Other Israel Film Festival - 10th AnniversaryJewschool is proud to once again sponsor the best of Israeli documentary films showing at the Other Israel Film Festival, the largest festival devoted to the history, culture, and identity on the topic of minority populations in Israel, from Dec 1-8 in NYC.


Early in the new television series by Sayed Kashua, “The Writer,” the protagonist, Kateb, drops his son off at school, only to discover that the school is closed. “It’s Ascension Thursday,” the Jewish guard explains from behind the locked gate, and Kateb asks, “What Ascension? Rock climbing?” The joke expresses Kashua’s pessimistic ennui: there will no spiritual transcendence here, no religious epiphanies. It also documents, as he always does, the tiny burdens of the Arab outsider-insider, who can send his son to a bilingual school but then finds himself stuck outside the gate. Later, the joke turns sour. When Kateb takes his son to a carwash staffed by children from Hebron, he explains that they are not at school because of the occupation. His son asks, “Is that a holiday?” Kashua is the master of such gut-wrenchers, not so much micro-aggressions, but something more like micro-depressions.
Much of “The Writer” will be familiar to readers of Kashua’s novel Dancing Arabs or his columns in Haaretz. Kateb is a Palestinian Israeli writer, stuck in a loveless marriage with a social worker. His successful television sit-com, “Arab Labor” (which is also Kashua’s real-life show) now strikes him as stale and artistically compromised. And he has passed on his identity crisis to his children. When he pushes his daughter to switch into a higher-level Arabic class, she shoots back that he writes exclusively in Hebrew (to be sure, an irony that did not need spelling out). Even particular bits are recycled. A sequence in which he shame-facedly switches out Arabic for Hebrew music to ease his interaction with a security guard, for instance, is cribbed from an old Haaretz column. But self-plagiarism is at worst a venial sin; it is a good formula.
The twist is that “The Writer” confronts its (largely) Jewish audience more directly and pointedly. “It’s not as funny as ‘Arab Labor,’” I complained to my viewing companion twenty minutes in. In the next episode, we watched Kateb pitch his new show, an amorphous autobiographical project about an Arab writer in mid-life crisis, only to be asked skeptically, “Is it funny?” The comedian who yearns to play (or write) Hamlet is familiar cultural territory, as is the politicized variant in which a minority comedian comes to worry that his majority audience is requiring of him a minstrel show (in Yiddish, a “ma-yofis yid”). Richard Pryor struggled with this problem; more recently, so have Dave Chappelle and Chris Rock. “The Writer” starkly confronts Jewish viewers with their limitations. No, the show is not very funny or new, but then, neither is second-class citizenship.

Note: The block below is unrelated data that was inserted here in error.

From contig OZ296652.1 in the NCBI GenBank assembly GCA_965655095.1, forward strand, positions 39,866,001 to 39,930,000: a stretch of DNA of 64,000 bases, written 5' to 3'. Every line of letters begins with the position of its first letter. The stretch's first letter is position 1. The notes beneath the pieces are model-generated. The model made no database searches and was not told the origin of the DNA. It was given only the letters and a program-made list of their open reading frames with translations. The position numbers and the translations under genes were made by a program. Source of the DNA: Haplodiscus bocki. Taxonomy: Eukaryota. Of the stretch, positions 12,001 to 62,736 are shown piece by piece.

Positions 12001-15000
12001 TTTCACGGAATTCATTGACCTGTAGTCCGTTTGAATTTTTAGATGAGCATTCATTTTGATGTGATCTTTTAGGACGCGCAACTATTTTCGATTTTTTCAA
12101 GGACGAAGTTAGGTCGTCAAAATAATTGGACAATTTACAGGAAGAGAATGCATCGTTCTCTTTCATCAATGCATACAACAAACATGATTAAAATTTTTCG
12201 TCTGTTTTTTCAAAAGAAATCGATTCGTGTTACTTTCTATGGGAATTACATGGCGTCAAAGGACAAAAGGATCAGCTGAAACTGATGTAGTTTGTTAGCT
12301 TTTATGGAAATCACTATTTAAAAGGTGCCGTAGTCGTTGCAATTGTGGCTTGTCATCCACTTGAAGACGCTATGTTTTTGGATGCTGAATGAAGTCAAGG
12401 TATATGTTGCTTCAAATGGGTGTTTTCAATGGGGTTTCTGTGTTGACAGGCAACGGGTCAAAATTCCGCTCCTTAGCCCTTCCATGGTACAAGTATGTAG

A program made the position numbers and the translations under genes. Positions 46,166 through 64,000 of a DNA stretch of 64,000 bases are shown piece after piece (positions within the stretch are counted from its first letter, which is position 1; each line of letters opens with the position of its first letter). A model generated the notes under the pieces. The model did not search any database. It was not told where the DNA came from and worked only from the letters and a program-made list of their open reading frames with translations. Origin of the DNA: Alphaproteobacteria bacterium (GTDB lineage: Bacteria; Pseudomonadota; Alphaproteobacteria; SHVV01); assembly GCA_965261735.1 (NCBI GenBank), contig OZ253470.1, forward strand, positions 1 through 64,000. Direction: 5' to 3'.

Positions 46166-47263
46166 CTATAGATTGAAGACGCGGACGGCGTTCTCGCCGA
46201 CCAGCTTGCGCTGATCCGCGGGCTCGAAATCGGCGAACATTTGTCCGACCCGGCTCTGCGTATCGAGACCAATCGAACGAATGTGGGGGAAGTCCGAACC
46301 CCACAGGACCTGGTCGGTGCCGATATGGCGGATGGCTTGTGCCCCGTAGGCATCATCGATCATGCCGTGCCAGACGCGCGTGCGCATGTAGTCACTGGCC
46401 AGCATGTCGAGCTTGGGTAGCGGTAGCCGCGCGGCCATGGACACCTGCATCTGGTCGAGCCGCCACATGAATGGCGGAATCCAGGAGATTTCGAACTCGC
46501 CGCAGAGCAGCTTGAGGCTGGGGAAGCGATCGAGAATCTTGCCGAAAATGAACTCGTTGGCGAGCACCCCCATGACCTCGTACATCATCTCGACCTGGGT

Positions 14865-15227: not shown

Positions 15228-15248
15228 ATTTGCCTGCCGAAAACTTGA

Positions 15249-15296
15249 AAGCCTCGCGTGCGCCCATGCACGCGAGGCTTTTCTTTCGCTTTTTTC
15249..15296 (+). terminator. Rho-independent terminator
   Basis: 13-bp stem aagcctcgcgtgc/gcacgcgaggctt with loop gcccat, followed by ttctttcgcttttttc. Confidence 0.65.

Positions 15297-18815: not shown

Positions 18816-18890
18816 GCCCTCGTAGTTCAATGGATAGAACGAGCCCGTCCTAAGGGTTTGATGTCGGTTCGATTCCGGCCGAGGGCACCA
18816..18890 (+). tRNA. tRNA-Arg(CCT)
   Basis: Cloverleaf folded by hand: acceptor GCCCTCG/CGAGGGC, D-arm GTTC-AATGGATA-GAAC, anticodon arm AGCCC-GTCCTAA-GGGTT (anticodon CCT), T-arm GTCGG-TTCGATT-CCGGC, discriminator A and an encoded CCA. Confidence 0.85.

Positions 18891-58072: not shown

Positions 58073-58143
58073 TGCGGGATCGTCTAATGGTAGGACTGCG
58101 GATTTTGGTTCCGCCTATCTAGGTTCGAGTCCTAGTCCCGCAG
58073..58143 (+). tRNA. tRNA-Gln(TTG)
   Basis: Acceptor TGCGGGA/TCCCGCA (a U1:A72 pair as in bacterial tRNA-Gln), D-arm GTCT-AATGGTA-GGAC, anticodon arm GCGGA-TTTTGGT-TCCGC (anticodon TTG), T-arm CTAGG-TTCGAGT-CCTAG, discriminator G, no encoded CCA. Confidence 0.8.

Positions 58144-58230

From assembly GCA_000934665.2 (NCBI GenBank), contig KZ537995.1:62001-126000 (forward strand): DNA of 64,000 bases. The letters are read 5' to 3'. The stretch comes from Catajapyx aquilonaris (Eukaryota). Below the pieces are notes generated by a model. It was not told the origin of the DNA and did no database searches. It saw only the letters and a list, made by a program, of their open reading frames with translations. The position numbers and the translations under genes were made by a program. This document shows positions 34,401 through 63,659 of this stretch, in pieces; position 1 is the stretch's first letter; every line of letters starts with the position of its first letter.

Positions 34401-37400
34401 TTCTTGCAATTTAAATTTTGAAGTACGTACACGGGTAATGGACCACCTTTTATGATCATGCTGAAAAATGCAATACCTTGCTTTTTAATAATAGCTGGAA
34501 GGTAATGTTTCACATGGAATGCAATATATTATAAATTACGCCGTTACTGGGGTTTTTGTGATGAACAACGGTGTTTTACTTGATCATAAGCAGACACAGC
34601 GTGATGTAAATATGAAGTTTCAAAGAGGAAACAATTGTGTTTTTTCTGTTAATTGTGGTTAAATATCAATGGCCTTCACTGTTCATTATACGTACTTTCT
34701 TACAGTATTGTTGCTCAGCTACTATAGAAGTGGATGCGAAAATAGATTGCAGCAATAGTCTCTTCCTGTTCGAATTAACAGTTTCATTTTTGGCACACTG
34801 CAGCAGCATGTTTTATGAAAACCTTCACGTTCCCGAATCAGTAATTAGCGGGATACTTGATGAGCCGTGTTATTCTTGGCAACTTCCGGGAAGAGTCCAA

Kashua himself decamped to Illinois in the wake of the 2014 Gaza war. For liberal Zionists like me, his leaving suggested that the dream of co-existence was failing. In a television interview given as he was leaving, Kashua told how his son loved to play “abba shabbat” at his Jewish school; he felt he had lied to his children when he implicitly promised they could be full citizens of Israel. If Israeli could not keep one of its finest, most humane writers and its gentlest Arab critic, then there was not much hope for the Jewish state. He has not returned, but at least we have his fictional alter-ego.